Few brands know sustainability like Patagonia. Naturally, the American outfitter is encouraged by the passing of the 2018 Farm Bill, and its implications for the availability of industrial hemp in the United States.
Patagonia recently partnered with Little Village Films to produce Misunderstood: A Brief History of Hemp in the US. The film deals with the history of hemp, its myriad uses in everyday products, and common misconceptions. Multiple growers and activists were interviewed and featured, including author and former vice-presidential candidate Winona LaDuke.
A Family of Plants
The first and most pressing insight for the world right now is that the hemp we’re talking about is the industrial commodity that has thousands of universally practical uses. It is not the plant that makes marijuana.
Industrial hemp is only one strain of cannabis sativa, while marijuana comes from another. Both plants contain many chemical compounds called cannabinoids. Strains of cannabis sativa known as marijuana contain on average 5-25% tetrahydrocannabinol (THC), the active ingredient in producing a “high” when it’s consumed.
Hemp in the United States, by definition, contains less than 0.3% THC. So you can think of these plants as cousins of the same family. They have plenty of genes in common, but are definitely not the same person.
So. Many. Uses.
Probably the top use of hemp today is the extraction of the cannabinoid called cannabidiol (CBD), which is widely regarded by consumers for its therapeutic effects. CBD is consumed in many ways, but the FDA is in charge of regulating it, and is taking its time in doing so.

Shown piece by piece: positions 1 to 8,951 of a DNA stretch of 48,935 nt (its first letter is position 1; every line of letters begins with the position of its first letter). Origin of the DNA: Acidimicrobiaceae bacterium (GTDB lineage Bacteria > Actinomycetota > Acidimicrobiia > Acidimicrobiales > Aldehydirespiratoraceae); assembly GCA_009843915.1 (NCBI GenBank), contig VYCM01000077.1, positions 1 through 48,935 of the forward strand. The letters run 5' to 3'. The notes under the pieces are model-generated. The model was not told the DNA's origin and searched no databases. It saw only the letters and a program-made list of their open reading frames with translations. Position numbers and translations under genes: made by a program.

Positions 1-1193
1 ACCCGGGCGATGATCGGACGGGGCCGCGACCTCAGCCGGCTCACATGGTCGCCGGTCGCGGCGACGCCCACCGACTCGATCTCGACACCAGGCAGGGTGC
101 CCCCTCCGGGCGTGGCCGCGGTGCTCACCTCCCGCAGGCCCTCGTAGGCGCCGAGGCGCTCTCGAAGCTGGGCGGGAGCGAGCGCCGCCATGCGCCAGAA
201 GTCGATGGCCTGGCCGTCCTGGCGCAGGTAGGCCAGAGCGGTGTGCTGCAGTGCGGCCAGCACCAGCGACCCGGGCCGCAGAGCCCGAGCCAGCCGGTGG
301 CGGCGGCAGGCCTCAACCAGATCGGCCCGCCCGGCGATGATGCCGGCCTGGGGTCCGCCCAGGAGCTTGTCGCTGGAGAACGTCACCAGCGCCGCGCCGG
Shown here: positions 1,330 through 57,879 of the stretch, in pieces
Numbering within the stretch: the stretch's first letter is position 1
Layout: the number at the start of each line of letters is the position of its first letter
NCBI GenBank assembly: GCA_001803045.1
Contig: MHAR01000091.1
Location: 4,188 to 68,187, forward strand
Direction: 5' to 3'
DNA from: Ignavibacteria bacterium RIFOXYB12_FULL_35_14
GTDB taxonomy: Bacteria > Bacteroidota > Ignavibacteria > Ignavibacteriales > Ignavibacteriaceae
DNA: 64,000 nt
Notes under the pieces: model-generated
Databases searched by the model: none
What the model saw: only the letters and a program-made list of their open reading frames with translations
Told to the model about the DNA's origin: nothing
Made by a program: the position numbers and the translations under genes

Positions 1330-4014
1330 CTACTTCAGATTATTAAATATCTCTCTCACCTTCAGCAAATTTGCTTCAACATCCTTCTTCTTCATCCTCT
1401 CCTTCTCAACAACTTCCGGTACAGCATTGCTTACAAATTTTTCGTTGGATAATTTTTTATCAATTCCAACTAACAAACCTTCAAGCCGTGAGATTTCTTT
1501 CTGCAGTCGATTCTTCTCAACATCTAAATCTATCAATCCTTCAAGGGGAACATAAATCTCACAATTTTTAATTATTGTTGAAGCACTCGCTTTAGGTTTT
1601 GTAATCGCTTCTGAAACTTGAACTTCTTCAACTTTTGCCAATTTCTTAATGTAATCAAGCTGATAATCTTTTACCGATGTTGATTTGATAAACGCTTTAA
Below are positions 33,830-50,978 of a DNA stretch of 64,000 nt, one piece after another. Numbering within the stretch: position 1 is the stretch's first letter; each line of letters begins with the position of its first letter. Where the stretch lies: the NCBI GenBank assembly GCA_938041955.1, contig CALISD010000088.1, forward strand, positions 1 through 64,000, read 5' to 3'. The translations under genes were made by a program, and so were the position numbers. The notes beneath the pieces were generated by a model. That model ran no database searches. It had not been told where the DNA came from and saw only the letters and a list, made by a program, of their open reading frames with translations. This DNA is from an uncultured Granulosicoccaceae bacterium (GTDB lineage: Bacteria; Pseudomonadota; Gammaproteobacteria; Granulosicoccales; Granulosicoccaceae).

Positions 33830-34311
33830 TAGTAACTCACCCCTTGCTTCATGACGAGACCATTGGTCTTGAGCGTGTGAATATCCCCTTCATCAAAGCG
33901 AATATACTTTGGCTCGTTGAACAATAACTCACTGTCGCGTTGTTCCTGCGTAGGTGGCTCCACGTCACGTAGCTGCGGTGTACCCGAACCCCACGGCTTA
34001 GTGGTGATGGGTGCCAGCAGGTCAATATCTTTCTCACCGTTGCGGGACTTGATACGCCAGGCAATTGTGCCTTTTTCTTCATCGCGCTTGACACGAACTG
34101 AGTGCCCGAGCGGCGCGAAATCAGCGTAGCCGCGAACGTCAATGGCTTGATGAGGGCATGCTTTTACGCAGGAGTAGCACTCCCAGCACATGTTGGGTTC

A grower can find plenty more to like. Hemp’s return to clothing and other textiles has led naturally to the question of whether hemp can and should replace cotton. When considering hemp’s ability to grow with fewer pesticides, its better strength and other factors, the answer is increasingly yes.
Hemp can be harvested just 3-4 months from planting, and actually shows positive effects on soil, rather than depleting its nutrients. This allows more land to be kept in circulation, instantly raising the value of any planting operation.
Throw in hemp’s ability to better provide oxygen and recycle carbon dioxide, and you have a very attractive plant.
If hemp is so useful, why has it been out of favor in the United States for so long? After all, hemp was the textile fiber of choice of colonial times, with clothing and even the sails of ships coming primarily from hemp. Some colonies required their people to grow hemp, and allowed its use as currency to pay taxes.
American automobile pioneer Henry Ford is said to have envisioned an economy based primarily on agricultural materials and fuels, where growers would hold industrial and political sway in America’s prosperous future. He even designed a hemp plastic-based car to combat the shortage of metal during World War II.
It’s clear that whatever hemp’s potential benefits, eventually the industrialists dealing in metal and fossil fuels won the political battles of the early 20th century. Hemp, meanwhile, was lumped with the rest of cannabis into the 1937 Marijuana Tax Act, and likewise was outlawed completely by the Controlled Substances Act in 1970.
The film Reefer Madness didn’t help, either.
Today, though, an uncommon thing is happening. An issue is being passionately advanced by both sides of Washington D.C.’s political aisle. Much of the legislation that removed industrial hemp from the Schedule 1 list of controlled substances was part of a bill introduced by Senators Mitch McConnell, Ron Wyden, and Jeff Merkley. That work became the crucial element of the 2018 Farm Bill. It’s great to find something we can agree on.
A Call to Action
Patagonia’s marketing is almost as impressive as its commitment to social responsibility, but the message here is powerful. In many respects, hemp is the way forward, even as it feels like a return to the past. The more we embrace this remarkable plant, the better off we’ll be, now and for generations to come.